A strong core is the foundation of a fit and functional body, playing a major role in your posture, balance and physical performance. So if you're not doing them already, you should really add some core strengthening exercises into your weekly exercise plans.
This six-move workout plan is a comprehensive training session for your mid-body muscles—and it doesn't require any equipment. It comes from Jordan Fernandez, an expert strength and conditioning coach at Trainer Academy.
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Do three circuits of the below exercises, with minimal rest in between. If any of these exercises are new to you, scroll down for an explanation of how to do them.
- Plank: 30-60 seconds
- Russian twist: 15 repetitions in each direction
- Bicycle crunch: 30 repetitions (15 on each leg)
- Leg raise: 10-15 repetitions
- Mountain climber: 30 repetitions (15 on each leg)
- Dead bug: 10-15 repetitions
Time: 30 - 60 seconds
- Support your weight on your feet and forearms, brace your core and keep your hips level. Your body should form a straight line from your head to your heels.
2. Russian twist
Reps: 15 in each direction
- Sit on the ground with your feet planted in front of you about hip-width apart. Your knees should be facing the ceiling. Lift your feet off the ground and clasp your hands together.
- Twist to touch your hands on the ground to the right of your hips, then twist back in the other direction to touch your hands on the ground to the left of your hips. You can hold a weight in your hands if you want to make this exercise more challenging.
3. Bicycle crunch
Reps: 15 on each leg
- Lie on your back with your hands behind your head. Keeping your legs straight, lift them a couple of inches off the ground.
- Bring your right knee towards your chest. As you do, twist your torso to move your left elbow towards your right knee.
- Return to the starting position then repeat with the other leg and elbow.
4. Leg raise
Reps: 10 - 15
- Lie on your back with your hands under your hips.
- Keeping your legs straight, brace your core and raise your legs so they're pointing at the sky.
- Lower them back down to within a couple of inches of the ground, without letting them touch the floor. If this feels too difficult, you can bend your knees to make it slightly easier.
5. Mountain climber
Reps: 15 on each leg
- Start in a push-up position, with your hands directly underneath your shoulders and your body forming a straight line from your head to your heels.
- Quickly bring one knee towards your chest, then return your leg to the starting position before bringing the opposite knee towards your chest.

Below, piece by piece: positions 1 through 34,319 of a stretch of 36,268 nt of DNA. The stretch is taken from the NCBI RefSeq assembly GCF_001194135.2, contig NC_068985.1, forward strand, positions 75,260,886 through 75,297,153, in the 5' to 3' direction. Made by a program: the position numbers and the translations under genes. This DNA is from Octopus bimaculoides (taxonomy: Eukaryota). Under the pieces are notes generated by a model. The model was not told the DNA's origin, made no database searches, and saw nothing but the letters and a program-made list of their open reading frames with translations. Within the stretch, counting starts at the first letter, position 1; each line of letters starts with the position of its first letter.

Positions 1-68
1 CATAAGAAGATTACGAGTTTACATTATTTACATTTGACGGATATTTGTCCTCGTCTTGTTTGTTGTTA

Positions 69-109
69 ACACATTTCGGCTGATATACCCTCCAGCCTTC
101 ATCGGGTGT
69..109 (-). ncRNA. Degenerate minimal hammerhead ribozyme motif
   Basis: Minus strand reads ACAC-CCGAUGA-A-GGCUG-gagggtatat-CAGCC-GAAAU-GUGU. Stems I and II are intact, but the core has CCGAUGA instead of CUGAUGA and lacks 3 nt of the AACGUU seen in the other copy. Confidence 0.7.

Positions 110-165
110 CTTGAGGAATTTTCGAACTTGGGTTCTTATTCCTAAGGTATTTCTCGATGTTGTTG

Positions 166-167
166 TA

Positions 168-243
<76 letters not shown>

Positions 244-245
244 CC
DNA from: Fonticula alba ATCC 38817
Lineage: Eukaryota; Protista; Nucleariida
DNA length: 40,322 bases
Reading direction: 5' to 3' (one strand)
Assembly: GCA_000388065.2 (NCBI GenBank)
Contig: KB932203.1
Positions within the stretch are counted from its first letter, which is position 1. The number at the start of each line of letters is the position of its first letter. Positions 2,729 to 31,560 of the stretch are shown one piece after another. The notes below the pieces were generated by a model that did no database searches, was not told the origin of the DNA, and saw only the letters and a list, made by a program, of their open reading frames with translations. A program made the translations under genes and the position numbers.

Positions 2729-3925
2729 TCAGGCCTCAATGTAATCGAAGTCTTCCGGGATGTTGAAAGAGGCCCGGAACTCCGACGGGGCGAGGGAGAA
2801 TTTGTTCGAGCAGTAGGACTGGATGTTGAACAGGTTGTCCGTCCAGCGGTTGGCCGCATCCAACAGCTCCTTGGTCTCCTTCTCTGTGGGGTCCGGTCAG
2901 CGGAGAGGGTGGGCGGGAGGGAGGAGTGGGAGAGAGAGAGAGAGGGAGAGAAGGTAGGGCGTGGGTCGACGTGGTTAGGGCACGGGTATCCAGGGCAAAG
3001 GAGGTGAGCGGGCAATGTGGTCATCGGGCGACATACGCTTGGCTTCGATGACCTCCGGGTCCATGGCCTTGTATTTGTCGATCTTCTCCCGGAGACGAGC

6. Dead bug
Reps: 10 - 15
- Lie on your back with your arms and knees pointing towards the sky, and your lower legs parallel with the ground.
- Extend one of your legs in front of you, and at the same time extend your opposite arm behind you so both limbs end up parallel to the ground.
- Return to the start position then repeat using the opposite limbs.
What is the core?
The abs, or abdominals, are a group of four mid-body muscles; the rectus abdominis (responsible for the six pack shape), the spine supporting transverse abdominis, and the internal and external obliques, which run down the side of the abdomen. Abs workouts focus on these muscles, particularly the rectus abdominis.
The abs make up part of, but not all of, the core. The core is a wider collection of mid-body muscles responsible for everything from supporting, moving and resisting movement in the spine, maintaining your posture, transferring power between your upper and lower body, and keeping you balanced.
As a result, a core routine tends to be a more comprehensive workout for your midsection, activating other muscles like the hip flexors and multifidus.
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Harry Bullmore is a Fitness Writer for Fit&Well and its sister site Coach, covering accessible home workouts, strength training session, and yoga routines. He joined the team from Hearst, where he reviewed products for Men's Health, Women's Health, and Runner's World. He is passionate about the physical and mental benefits of exercise, and splits his time between weightlifting, CrossFit, and gymnastics, which he does to build strength, boost his wellbeing, and have fun.
Harry is a NCTJ-qualified journalist, and has written for Vice, Learning Disability Today, and The Argus, where he was a crime, politics, and sports reporter for several UK regional and national newspapers.
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